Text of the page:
On This Day, June 18, 1942 – Navy Gets First Black Officer

robinson1942 – The U.S. Navy commissioned its first black officer, Bernard Whitfield Robinson.

Robinson attended Harvard Medical School and became a prominent radiologist after the war. Dedicated to the care of veterans, Robinson served in the Veterans Administration Hospitals system for the remainder of his career, interrupted only by his re-enlistment in the Navy from 1953-55. 

Some reports say Robinson was a medical student, and the recruiting officer who signed him up, thought that he was white. Realizing what had happened, the Naval Office of Personnel tried to “get rid of Mr. Robinson,” but was unable to rescind the commission, and Robinson became the first African American to receive a direct commission as a naval officer.

Robinson passed away suddenly in his Allen Park, Michigan home on August 23rd, 1972.

1621 – The first duel in America took place in the Plymouth Colony in Massachusetts. 


History_Andrew_Jackson_Defends_New_Orleans_1812_rev_SF_HD_still_624x3521812 – The War of 1812 began as the U.S. declared war against Great Britain.

The immediate causes of the War of 1812 were a series of economic sanctions taken by the British and French against the US as part of the Napoleonic Wars and American outrage at the British practice of impressment, especially after the Chesapeake incident of 1807. In response to the 1806 British Orders in Council, which crippled American trade, the US (under Jefferson) first tried various retaliatory embargoes. These embargoes hurt the US far more than they did Britain, angering American citizens and providing support to War Hawks in Congress like Henry Clay. In 1812, with President Madison in office, Congress declared war against the British.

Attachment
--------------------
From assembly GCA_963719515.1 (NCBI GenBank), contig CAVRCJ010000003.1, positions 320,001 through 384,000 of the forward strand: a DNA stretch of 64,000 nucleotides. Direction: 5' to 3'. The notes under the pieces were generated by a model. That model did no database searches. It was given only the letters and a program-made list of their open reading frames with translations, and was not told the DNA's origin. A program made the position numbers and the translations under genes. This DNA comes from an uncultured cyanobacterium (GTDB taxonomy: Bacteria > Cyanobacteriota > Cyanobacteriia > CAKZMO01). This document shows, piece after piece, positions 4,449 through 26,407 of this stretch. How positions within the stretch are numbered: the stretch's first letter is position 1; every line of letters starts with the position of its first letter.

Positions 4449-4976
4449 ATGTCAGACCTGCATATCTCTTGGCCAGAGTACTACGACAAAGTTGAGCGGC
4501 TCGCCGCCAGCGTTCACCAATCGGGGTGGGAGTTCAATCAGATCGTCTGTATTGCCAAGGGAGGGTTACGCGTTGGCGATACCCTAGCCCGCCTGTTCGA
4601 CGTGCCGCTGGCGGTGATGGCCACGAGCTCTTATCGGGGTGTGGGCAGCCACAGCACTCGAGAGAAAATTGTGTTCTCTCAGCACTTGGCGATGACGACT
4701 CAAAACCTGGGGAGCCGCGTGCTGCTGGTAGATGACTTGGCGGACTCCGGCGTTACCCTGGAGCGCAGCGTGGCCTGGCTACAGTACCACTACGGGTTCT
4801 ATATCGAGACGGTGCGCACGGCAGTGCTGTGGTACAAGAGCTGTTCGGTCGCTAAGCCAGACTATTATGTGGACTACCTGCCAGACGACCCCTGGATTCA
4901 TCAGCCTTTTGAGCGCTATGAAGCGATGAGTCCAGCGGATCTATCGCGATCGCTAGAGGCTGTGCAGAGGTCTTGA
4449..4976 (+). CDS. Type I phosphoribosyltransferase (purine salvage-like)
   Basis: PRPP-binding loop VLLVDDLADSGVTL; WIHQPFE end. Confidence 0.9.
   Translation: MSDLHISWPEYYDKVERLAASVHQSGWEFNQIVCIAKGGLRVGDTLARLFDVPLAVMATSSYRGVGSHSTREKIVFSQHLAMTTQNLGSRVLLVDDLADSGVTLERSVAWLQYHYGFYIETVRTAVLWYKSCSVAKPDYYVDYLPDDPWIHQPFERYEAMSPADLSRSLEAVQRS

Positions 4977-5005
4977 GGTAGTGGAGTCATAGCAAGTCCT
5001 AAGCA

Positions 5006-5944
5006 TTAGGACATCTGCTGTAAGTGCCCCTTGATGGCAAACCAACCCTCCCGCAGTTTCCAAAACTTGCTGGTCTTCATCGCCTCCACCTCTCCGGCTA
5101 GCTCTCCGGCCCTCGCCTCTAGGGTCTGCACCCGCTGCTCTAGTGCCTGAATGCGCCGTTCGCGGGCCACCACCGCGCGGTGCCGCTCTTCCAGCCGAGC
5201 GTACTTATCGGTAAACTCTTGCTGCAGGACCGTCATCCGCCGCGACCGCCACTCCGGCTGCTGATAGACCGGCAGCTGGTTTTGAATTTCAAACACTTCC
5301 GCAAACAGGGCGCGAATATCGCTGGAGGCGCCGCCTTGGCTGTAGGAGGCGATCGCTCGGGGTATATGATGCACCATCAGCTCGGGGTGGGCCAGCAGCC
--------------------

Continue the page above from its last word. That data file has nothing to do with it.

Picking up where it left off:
1815 – At the Battle of Waterloo Napoleon was defeated by an international army under the Duke of Wellington. Napoleon abdicated on June 22.

1817 – London’s Waterloo Bridge opened. The bridge, designed by John Rennie, was built over the River Thames. 

1873 – Susan B. Anthony was fined $100 for attempting to vote for a U.S. President. 

1898 – Atlantic City, NJ, opened its Steel Pier. 

1925 – The first degree in landscape architecture was granted by Harvard University. 

1928 – Amelia Earhart became the first woman to fly across the Atlantic Ocean as she completed a flight from Newfoundland to Wales. 

1936 – The first bicycle traffic court was established in Racine, WI. 

1953 – Seventeen major league baseball records were tied or broken in a game between the Boston Red Sox and the Detroit Tigers. 

1959 – A Federal Court annulled the Arkansas law allowing school closings to prevent integration. 

1979 – In Vienna, President Jimmy Carter and Leonid Brezhnev signed the Strategic Arms Limitation Treaty (SALT) 2.

1982 – The U.S. Senate approved the renewal of the 1965 Voting Rights Act for an additional twenty-five years. 

1983 – Dr. Sally Ride became the first American woman in space aboard the space shuttle Challenger


Source: nww2m.com; Pinerest.com; On-This-Day.com; sparknotes.com